Yesterday, NCOA continued that advocacy—for today’s seniors and future generations—by actively participating in the 2015 White House Conference on Aging (WHCOA). Read more.
When it comes to eating a healthy diet, millions of Americans 65 and over face a double whammy: Their income is fixed, and their spending on food is consuming a larger portion of their budget.
When it comes to eating a healthy diet, millions of Americans 65 and over face a double whammy: Their income is fixed, and their spending on food is consuming a larger portion of their budget. Read more.
Research published in Activities, Adaption & Aging calls for increased understanding about older adults, the relationship between pet ownership and health, and the current barriers which limit older adults' chances to own a pet. The study, Fostering the Human-Animal Bond for Older Adults, goes into detail about physical and financial risks for older adult pet ownership and how it can be diminished.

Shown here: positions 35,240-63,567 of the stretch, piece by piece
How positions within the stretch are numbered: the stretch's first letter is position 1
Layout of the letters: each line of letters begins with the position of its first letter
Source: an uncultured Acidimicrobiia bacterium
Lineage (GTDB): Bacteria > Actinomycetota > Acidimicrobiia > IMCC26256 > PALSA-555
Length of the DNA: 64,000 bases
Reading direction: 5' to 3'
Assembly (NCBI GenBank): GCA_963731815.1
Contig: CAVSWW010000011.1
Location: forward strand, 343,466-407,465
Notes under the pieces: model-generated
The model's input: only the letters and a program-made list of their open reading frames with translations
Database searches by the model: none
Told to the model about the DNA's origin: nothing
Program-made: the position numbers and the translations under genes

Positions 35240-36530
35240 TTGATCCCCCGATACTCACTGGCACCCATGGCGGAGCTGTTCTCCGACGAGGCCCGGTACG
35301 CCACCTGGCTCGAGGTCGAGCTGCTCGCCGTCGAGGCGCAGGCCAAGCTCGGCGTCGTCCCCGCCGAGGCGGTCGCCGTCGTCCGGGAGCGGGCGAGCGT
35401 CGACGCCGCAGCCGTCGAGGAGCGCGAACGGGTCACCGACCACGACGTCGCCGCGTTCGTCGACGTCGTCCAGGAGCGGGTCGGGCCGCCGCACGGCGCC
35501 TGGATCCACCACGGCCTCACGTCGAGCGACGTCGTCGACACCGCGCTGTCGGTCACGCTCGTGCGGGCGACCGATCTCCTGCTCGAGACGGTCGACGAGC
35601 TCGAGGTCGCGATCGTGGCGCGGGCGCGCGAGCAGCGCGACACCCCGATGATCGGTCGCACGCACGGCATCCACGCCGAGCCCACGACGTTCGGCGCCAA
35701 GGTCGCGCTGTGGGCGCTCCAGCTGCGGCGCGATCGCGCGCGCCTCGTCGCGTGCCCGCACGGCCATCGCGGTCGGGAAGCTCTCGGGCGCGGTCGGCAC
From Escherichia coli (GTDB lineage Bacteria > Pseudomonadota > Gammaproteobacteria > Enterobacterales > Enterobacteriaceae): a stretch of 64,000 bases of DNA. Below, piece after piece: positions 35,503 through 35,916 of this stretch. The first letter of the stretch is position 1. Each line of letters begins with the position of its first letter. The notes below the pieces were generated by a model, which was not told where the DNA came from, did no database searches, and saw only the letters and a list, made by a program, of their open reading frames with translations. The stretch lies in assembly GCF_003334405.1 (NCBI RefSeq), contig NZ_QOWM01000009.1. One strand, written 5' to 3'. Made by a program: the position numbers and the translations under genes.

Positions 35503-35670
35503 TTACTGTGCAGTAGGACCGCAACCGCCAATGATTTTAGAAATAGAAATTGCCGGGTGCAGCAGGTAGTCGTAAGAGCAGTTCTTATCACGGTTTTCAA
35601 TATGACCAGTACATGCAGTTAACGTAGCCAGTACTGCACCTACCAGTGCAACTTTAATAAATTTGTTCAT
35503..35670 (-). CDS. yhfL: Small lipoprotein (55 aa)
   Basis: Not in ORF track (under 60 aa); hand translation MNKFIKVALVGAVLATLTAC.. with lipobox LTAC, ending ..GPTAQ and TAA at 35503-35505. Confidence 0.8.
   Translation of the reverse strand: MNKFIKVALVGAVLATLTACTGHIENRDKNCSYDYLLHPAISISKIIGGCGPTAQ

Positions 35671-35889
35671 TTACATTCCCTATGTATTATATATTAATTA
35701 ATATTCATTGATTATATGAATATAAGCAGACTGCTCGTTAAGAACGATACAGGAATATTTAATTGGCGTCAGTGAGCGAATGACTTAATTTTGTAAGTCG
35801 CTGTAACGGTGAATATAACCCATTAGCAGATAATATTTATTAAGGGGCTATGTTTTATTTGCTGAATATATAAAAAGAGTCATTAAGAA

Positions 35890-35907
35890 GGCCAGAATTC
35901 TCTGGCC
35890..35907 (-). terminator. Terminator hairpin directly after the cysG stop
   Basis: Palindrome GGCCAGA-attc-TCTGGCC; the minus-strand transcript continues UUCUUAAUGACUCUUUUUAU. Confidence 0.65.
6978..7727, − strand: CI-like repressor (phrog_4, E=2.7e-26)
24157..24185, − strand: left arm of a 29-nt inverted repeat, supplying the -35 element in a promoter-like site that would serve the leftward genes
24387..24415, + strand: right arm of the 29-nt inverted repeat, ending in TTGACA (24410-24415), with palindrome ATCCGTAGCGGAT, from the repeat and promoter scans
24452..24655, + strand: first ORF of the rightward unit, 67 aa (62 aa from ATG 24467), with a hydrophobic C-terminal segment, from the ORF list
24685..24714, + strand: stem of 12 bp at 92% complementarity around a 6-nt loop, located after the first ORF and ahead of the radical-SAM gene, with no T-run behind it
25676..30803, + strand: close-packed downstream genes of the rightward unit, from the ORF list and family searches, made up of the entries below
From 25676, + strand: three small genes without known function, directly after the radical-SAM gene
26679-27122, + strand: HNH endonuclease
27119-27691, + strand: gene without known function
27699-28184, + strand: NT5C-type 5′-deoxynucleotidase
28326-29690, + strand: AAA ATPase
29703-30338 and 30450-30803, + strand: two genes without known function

Medical problems that arise with older adults, such as physical illness and emotional issues, have the potential to be mitigated by companionship of pets because it reduces social isolation and enhances physical activity. Read more.
Despite the fact that millions of Americans are facing elder care challenges and struggles, there are not a lot of supportive and informative resources that can prepare families for what to expect.
Getting access to information, demystifying the role of elder care, and learning what is ahead can lighten the load for those just beginning their journey. As a longtime elder law attorney in California and author of The ElderCare Ready Book, I know that families can learn not to fear the elder care role, but just be ready for it. Read more.